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What Is Variable Universal Life Insurance?

Updated: January 2020

Variable universal life is a type of permanent life insurance policy with features that include cash value, investment variety, flexible premiums and a flexible death benefit.

Like most permanent policies, variable universal life insurance (VUL) offers life-long protection — it's designed to stay in place as long as you live and premiums are paid

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What Are the Key Features of Variable Universal Life Insurance?

The main features of a variable universal life policy are a mix of those typically found in variable life and universal life policies:

Your premiums are adjustable.
You have the ability to skip a payment or even stop paying your premium if the cash value of your policy can cover the costs, says the nonprofit group Life Happens. This is a feature borrowed from universal life insurance, and it may be helpful if an emergency leaves you short of cash.

You have investment variety and risk.
As with a variable life policy, variable universal life lets you invest in underlying sub-accounts offering a variety of investment options. These investments are tied to financial markets, and the value of your policy may fluctuate as the value of your chosen investments go up or down. While the reward can be great, you're also taking on risk that can reduce your cash value and, if by policy provisions the policy lapses, your death benefit could be lost as well, says the Insurance Information Institute (III). The upside? Transferring funds between investments is tax-free, so you're not constrained by the potential tax implications, says Life Happens.

With VUL policies, you choose from a number of investment options for your policy's sub-accounts. Life Happens states that you can typically invest in stocks, bonds or a combination of the two. You can also opt to invest in a fixed account, which provides a guaranteed minimum interest. The value of your policy's sub-accounts fluctuate based on how these investments perform. If they do well, your policy's value increases. If the investments decrease, though, your cash value will decrease as well.

You can increase the death benefit.1
If your insurance needs change over time, you can increase or decrease your coverage, says Life Happens. For instance, you may be able to request a death benefit increase or make a lump-sum payment to boost the policy's cash value (though the IRS has limitations on how big that one-time payment can be), the group says.

You can withdraw or borrow from it.2
Like some other permanent life insurance options, a variable universal life policy allows you to withdraw funds or take out a loan against the cash value. The downside is that a withdrawal or a loan can reduce your death benefit, or result in a tax liability if you don't follow guidelines on repayment.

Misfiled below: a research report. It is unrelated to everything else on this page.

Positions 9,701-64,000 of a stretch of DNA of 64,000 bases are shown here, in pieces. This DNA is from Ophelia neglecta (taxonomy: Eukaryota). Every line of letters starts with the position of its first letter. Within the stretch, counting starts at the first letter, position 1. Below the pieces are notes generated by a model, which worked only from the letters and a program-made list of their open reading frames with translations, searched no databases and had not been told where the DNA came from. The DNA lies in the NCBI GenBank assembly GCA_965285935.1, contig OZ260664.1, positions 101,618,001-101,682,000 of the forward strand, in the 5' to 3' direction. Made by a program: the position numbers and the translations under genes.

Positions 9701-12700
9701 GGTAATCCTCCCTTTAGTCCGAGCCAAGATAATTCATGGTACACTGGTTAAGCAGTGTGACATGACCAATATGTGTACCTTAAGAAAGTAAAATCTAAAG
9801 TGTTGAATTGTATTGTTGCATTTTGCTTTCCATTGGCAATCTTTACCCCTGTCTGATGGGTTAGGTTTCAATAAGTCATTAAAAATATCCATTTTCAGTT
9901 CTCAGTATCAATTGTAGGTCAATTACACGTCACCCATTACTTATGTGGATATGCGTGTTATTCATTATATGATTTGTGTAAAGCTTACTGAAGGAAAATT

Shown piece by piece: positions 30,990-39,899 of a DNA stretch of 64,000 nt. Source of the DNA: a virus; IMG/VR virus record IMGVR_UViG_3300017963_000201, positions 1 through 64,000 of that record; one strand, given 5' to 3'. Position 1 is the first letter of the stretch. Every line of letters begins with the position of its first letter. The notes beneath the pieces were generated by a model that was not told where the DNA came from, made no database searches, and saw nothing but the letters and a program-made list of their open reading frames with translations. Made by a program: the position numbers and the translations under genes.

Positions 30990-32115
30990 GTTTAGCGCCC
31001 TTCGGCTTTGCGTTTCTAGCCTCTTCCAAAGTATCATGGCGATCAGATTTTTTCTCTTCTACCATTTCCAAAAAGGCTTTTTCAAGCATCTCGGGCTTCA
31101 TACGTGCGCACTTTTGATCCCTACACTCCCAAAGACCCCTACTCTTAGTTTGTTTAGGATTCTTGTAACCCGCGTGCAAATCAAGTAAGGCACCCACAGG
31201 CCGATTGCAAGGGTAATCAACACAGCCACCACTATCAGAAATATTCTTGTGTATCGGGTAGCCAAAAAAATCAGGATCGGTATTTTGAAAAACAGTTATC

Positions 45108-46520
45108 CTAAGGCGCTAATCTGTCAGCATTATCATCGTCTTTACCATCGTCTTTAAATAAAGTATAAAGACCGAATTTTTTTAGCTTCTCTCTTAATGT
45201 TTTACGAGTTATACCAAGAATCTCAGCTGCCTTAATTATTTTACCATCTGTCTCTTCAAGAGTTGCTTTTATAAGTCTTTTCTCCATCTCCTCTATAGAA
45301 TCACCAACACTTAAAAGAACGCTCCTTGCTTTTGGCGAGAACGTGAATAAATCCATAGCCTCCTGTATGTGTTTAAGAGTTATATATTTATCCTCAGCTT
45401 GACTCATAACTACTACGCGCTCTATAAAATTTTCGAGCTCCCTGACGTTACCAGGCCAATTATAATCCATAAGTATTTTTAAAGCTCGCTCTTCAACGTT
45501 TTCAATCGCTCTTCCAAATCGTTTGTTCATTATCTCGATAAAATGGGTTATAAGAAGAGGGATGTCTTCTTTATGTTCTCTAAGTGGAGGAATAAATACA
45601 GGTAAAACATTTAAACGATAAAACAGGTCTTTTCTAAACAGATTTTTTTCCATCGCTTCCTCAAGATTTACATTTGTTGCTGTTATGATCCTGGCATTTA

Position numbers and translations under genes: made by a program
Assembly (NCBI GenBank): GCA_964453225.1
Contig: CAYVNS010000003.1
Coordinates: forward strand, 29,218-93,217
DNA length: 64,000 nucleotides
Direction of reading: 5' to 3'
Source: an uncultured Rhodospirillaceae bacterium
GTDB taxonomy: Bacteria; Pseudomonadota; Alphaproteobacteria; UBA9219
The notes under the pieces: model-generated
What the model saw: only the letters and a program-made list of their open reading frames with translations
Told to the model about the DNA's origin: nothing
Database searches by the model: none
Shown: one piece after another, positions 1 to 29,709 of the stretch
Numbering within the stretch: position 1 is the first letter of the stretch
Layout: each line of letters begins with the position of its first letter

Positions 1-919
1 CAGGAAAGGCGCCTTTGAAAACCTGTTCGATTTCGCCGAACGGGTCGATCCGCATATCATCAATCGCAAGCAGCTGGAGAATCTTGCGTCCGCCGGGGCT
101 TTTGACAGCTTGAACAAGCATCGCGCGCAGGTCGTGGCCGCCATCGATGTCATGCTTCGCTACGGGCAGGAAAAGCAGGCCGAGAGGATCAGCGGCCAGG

How Is Variable Universal Life Insurance Different From Universal Life Insurance?

One main difference between variable universal life and universal life insurance policies is that VULs offer more investment options. You can select a number of different funds to essentially create a portfolio. Universal life policies do not offer this investment option, but you can select a policy with features that suit your needs, such as a fixed interest rate or one that fluctuates with the stock market.

Who Might Be A Candidate For Variable Universal Life?

Wondering if variable universal life insurance is right for you? Life Happens says it's a good option for people "seeking maximum flexibility," which also means you'll want to be sure you can monitor investment performance and make decisions about where to allocate funds over time. It's important to understand that investing involves risks that have the potential to reduce the policy's cash value.

Of course, any decision about life insurance takes a bit of thought. That's why it can be helpful to review your current circumstances and goals with a life insurance agent, who can help you find the policy to suit your needs.

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This content is for informational purposes only and may not be applicable to all situations.

This life insurance information is provided for general consumer educational purposes and is not intended to provide legal, tax or investment advice. Allstate life insurance issued by Direct General Life Insurance Co., 911 Chestnut Street, Orangeburg SC 29115; Allstate Life Ins. Co. & Allstate Assurance Co., 3075 Sanders Rd, Northbrook IL 60062; American Heritage Life Ins. Co., 1776 American Heritage Life Dr., Jacksonville FL 32224. In New York, life insurance issued through Allstate Life Insurance Company of New York, Hauppauge NY. Life insurance also offered and issued by third party companies not affiliated with Allstate. Each company is solely responsible for the financial obligations accruing under the products it issues. Product guarantees are backed by the financial strength and claims-paying ability of the issuing company.

Securities offered by Personal Financial Representatives through Allstate Financial Services, LLC (LSA Securities in LA and PA). Registered Broker-Dealer. Member FINRA, SIPC. Main Office: 2920 South 84th Street, Lincoln, NE 68506. 877-525-5727. Check the background of this firm on FINRA's BrokerCheck website (

1Increases in benefits are subject to underwriting approval. Changes to benefits can have income tax consequences. Consult a tax advisor for additional information.

2Loans or partial withdrawals can reduce the policy's cash value and death benefit, can increase the possibility of policy lapse, and may result in a tax liability. Consult a tax advisor for additional information on the tax treatment of loans or withdrawals from a life insurance policy.

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